Originally organised as a loose coalition in 2005, the Polo achieved 708,000 votes in the March 2006 Congressional elections to elect 9 senators and 8 representatives. 380,000 coalition members voted in the Polo’s election to choose Carlos Gaviria as the presidential candidate, and despite a virtual media blackout and the paramilitaries’ bought votes, 2.5 million Colombians voted for ‘un país para todos.’
Proposing similar social policies to Venezuelan President Hugo Chávez’s Bolívarian revolution, the Polo is organising amongst Colombians who have never participated in politics. ‘The Polo should not be just an electoral party,’ Senator Antonio Navarro insists, ‘it must have a presence in all Colombia,’ and reach workers in Ciudad Bolívar in Bogotá, the desterrados in Medellín’s comunas, the desperate poor in Chocó’s Pacific coast shanty towns and the indigenous.
Organising at a local level, on the streets in the barrios, proposing redistributive policies that favour the poor, the Polo has encouraged democratic participation to avoid association with the patronage and clientilism that has discredited the traditional parties. Candidates are chosen in open consultations, and 555,000 members chose the delegates to the party’s first united congress in December 2006 to reiterate the Polo’s commitment to progressive social change.
‘No-one in the Polo is to accept an Ambassador or Minister position,’ Carlos Gaviria declared, citing a favourite tactic Colombia’s political elite has often used to co-opt opposition, ‘our party is not opportunist and cannot be bought.’ And in Congress, Polo representatives such as Wilson Borja, a union organiser who has survived an assassination attempt, and Senators Alexander López and Gustavo Petro have proved to be the most effective opposition to the Uribistas.
President Uribe has also contributed to the left’s resurgence; originally a Liberal, he continued the Liberal’s opportunistic tradition, standing as a Conservative supported independent in the 2002 presidential elections. The president’s ‘undisciplined coalition,’ according to El Tiempo, has since had an unintended effect: scattering and splintering the right, leaving no clear successor once Uribe’s second term ends in three years.
Further to this, the traditional Conservative and Liberal parties have been co-opted, more than 20 Uribista representatives in paramilitary front parties have so far been jailed in the parapolítica scandal, and Colombian politics have been polarised leaving little choice for the president’s opponents but to support the left. ‘The elites’ traditional parties, their similar policies and patrician leaders have been replaced,’ commented one writer, ‘Colombian politics are now like Bolivia or Venezuela — left and right oppose each other and could never compromise.’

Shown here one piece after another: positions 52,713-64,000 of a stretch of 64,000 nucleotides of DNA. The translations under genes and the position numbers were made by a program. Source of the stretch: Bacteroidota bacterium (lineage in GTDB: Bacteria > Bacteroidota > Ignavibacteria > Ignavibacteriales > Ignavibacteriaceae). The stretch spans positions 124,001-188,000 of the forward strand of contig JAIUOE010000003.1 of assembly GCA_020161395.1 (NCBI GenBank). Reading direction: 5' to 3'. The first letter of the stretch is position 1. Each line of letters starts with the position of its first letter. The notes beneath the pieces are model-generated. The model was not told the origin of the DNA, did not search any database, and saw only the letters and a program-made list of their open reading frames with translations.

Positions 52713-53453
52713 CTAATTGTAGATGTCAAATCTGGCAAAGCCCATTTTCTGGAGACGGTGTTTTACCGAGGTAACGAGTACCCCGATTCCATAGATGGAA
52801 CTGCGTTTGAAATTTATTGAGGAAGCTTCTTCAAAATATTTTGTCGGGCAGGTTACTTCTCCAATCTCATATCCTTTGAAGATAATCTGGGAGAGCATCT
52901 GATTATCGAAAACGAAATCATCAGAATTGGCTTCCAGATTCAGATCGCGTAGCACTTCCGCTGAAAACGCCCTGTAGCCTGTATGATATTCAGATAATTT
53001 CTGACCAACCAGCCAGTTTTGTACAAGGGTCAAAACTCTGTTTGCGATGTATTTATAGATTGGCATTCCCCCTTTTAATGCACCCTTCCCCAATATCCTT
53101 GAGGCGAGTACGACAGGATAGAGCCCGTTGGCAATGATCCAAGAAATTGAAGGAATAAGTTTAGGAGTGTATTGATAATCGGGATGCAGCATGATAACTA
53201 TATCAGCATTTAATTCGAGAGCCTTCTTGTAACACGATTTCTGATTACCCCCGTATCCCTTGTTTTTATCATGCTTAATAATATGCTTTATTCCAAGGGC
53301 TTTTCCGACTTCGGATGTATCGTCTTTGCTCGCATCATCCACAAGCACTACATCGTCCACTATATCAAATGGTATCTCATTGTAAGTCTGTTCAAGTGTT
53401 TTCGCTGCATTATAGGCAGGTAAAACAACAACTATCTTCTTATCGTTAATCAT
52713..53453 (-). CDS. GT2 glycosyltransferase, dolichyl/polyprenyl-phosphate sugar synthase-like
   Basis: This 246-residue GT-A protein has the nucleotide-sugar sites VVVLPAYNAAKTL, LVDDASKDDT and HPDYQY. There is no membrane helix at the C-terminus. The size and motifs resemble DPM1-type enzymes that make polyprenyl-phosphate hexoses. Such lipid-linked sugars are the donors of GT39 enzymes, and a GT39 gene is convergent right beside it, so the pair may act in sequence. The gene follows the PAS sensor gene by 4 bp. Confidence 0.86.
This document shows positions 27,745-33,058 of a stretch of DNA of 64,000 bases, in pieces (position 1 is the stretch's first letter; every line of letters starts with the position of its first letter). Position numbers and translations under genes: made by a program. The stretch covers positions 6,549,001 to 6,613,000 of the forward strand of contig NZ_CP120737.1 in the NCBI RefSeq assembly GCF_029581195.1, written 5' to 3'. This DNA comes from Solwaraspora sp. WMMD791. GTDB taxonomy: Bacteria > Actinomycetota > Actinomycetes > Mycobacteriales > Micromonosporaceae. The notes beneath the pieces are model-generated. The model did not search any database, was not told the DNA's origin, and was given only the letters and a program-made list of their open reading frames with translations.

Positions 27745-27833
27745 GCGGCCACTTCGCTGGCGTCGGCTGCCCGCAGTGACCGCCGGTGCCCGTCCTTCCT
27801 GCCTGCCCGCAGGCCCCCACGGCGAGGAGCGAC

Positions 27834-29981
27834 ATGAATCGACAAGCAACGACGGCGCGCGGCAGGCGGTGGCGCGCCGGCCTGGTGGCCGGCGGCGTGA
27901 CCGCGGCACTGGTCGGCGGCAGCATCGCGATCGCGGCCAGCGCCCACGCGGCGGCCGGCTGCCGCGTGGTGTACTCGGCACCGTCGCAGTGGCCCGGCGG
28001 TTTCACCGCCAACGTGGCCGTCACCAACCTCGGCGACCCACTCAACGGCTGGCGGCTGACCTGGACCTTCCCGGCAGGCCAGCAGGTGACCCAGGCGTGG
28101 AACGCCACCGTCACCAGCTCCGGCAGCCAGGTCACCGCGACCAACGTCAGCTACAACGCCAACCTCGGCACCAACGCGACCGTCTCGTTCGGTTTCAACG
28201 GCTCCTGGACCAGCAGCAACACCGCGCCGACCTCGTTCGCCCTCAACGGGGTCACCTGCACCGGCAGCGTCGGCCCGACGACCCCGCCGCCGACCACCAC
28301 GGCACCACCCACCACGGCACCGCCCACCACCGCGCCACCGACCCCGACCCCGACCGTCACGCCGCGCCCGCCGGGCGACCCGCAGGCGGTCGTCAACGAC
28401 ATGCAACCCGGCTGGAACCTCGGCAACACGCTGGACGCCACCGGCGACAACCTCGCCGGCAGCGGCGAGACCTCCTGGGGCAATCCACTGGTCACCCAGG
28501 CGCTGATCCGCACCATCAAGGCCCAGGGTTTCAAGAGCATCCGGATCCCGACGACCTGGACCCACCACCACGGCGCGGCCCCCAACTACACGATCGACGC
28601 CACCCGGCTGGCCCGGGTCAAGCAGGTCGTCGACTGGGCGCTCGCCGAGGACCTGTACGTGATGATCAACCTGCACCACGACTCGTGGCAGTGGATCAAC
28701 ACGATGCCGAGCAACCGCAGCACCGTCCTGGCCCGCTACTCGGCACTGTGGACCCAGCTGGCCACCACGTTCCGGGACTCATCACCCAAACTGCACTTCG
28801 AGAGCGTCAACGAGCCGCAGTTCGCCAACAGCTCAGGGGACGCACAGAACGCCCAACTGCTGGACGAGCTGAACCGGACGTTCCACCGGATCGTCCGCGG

‘In Colombia exists the most arrogant opulence together with the most shameful poverty,’ Carlos Gaviria said in the election campaign. ‘Disguised communists,’ responded the intemperate president, and referring to the Polo’s campaign colour, said the opposition were ‘like papaya: yellow on the outside but red on the inside.’
Ever more increasing political polarisation in Colombia since the election has made the Polo’s challenge clearer. It has started to organise and mobilise the millions who did not vote at all in 2006 — 55% abstained in the presidential elections — and policies prioritising the poor, indigenous and workers reflect Latin America’s political realignment, echoing Méxican presidential candidate Manuel López Obrador’s 2006 ‘First the poor’ campaign and Venezuela’s Bolívarian revolution.
These threats to Colombia’s complacent elite have led the president’s Uribista representatives in Congress to propose the ‘coup’ in an attempt to avoid further opposition advances. But should that happen, the Polo’s organising amongst Colombia’s poor and in the barrios has ensured that it will not need Congress to be heard; the opposition will be in the streets, and Colombia will be a step nearer to joining Latin America’s left turn.